Stephen Harper is running scared from election debates

Julian Wolfe
May 21st, 2015

With an election just months away, Prime Minister Stephen Harper has decided to abandon the traditional all-broadcasters debate hosted by the nation’s major broadcasters and for the first time will be streamed on YouTube, Facebook and Twitter. The Liberals, NDP, Green Party and Bloc Quebecois have all agreed to participate but the Conservatives refuse to even negotiate.

The Conservatives have instead opted for smaller, more pointed and focused debates hosted by The Globe and Mail, Macleans/Reuters, Google, among others. The NDP has followed suit but the Liberals say they are in no rush to decide. Conservative strategist Kory Teneycke says Justin Trudeau and the Liberals aren’t joining their debates because they are afraid, but fail to justify abandoning the debate of the country.

Why Would the Conservatives Reject the Traditional Debates?

Conservative attack ads are crafted by taking clips from major broadcasters and portraying political opponents negatively out of context. This has lead to an ongoing spat with the very major broadcasters who run the traditional consortium every election.

If the ongoing spat isn’t the trigger, consider the way the Conservatives operate. Control is everything. The Conservatives only speak on talking points in controlled media settings. In the last election, Harper took only five questions per day. During their mandate, the new trend is ignoring questions and repeating pre-scripted talking points. In addition, the election will take place in the height of the Mike Duffy trial, which is expected to paint an interesting picture about how the accountability leader of 2006 has chosen a senator who is anything but ethical.

Perhaps the most prominent reason the Conservatives abandoned the debates is fear. In a setting they can’t control with talking points and spokespeople, Stephen Harper has no choice but to answer to his opponents or look weak and foolish. In addition, NDP leader Thomas Mulcair has proven himself as a strong debater during the senate scandal when a reluctant Harper was subject to a series of pointed questions. Harper’s real target, Trudeau, is popular nationwide, even despite sagging poll numbers more recently. In addition, Trudeau is a paid speaker and fluent communicator. Put these two men beside Harper where the topic of debate risks being overcome by his scandals and short comings and his strategists know he will appear weak.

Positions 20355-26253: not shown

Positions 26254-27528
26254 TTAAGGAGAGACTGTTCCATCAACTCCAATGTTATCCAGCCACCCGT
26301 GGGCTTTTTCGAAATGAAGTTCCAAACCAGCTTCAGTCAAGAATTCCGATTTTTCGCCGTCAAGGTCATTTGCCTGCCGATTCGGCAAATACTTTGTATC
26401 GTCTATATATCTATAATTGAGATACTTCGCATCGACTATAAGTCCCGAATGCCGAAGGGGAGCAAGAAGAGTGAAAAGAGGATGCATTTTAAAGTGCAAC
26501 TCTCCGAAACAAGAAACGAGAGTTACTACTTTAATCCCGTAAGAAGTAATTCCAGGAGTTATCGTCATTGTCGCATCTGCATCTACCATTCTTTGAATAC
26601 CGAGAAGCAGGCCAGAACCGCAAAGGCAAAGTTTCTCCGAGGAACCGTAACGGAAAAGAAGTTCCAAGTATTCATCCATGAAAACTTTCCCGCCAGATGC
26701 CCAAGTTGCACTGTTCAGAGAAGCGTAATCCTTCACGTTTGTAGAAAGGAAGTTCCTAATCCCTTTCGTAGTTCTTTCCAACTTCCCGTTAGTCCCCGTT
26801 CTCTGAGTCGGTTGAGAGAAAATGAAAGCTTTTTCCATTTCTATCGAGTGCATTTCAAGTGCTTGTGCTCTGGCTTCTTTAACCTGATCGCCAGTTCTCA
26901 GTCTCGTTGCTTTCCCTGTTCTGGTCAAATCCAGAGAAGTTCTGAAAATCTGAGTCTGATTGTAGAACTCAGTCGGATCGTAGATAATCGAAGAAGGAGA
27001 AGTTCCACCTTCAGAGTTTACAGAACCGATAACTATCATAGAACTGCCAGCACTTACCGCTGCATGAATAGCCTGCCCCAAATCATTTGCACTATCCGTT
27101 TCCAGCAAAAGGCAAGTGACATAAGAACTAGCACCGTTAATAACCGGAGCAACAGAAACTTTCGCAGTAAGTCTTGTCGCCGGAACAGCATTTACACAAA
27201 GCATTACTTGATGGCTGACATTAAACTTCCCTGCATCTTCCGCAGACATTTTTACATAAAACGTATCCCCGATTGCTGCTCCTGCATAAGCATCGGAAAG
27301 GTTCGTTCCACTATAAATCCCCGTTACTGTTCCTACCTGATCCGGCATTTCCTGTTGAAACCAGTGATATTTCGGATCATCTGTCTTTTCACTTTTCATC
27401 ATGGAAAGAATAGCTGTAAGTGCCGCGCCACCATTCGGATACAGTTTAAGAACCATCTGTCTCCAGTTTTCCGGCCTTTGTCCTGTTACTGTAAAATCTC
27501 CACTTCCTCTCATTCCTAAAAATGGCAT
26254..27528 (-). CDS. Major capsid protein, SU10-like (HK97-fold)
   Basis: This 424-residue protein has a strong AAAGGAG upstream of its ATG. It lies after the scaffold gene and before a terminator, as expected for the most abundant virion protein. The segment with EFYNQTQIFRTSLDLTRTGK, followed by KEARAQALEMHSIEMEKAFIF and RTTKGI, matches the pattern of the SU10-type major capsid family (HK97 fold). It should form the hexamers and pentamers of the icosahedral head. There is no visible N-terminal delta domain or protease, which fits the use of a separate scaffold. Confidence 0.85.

The Conservatives are clearly running scared of the debate and after nine years and millions in taxpayer funded advertisement, one would think the Prime Minister would have more confidence in the decisions he made and not feel the need to hide behind controlled photo-ops and talking points.

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On Monday, the longest campaign in modern history will come to a close and if current polls are any indication, Canada may be seeing a change in government after 9 years of Conservative rule under the leadership of Stephen Harper. Accountability was his calling card in 2006 and today, accountability may very well be one of the defining reasons for his departure.

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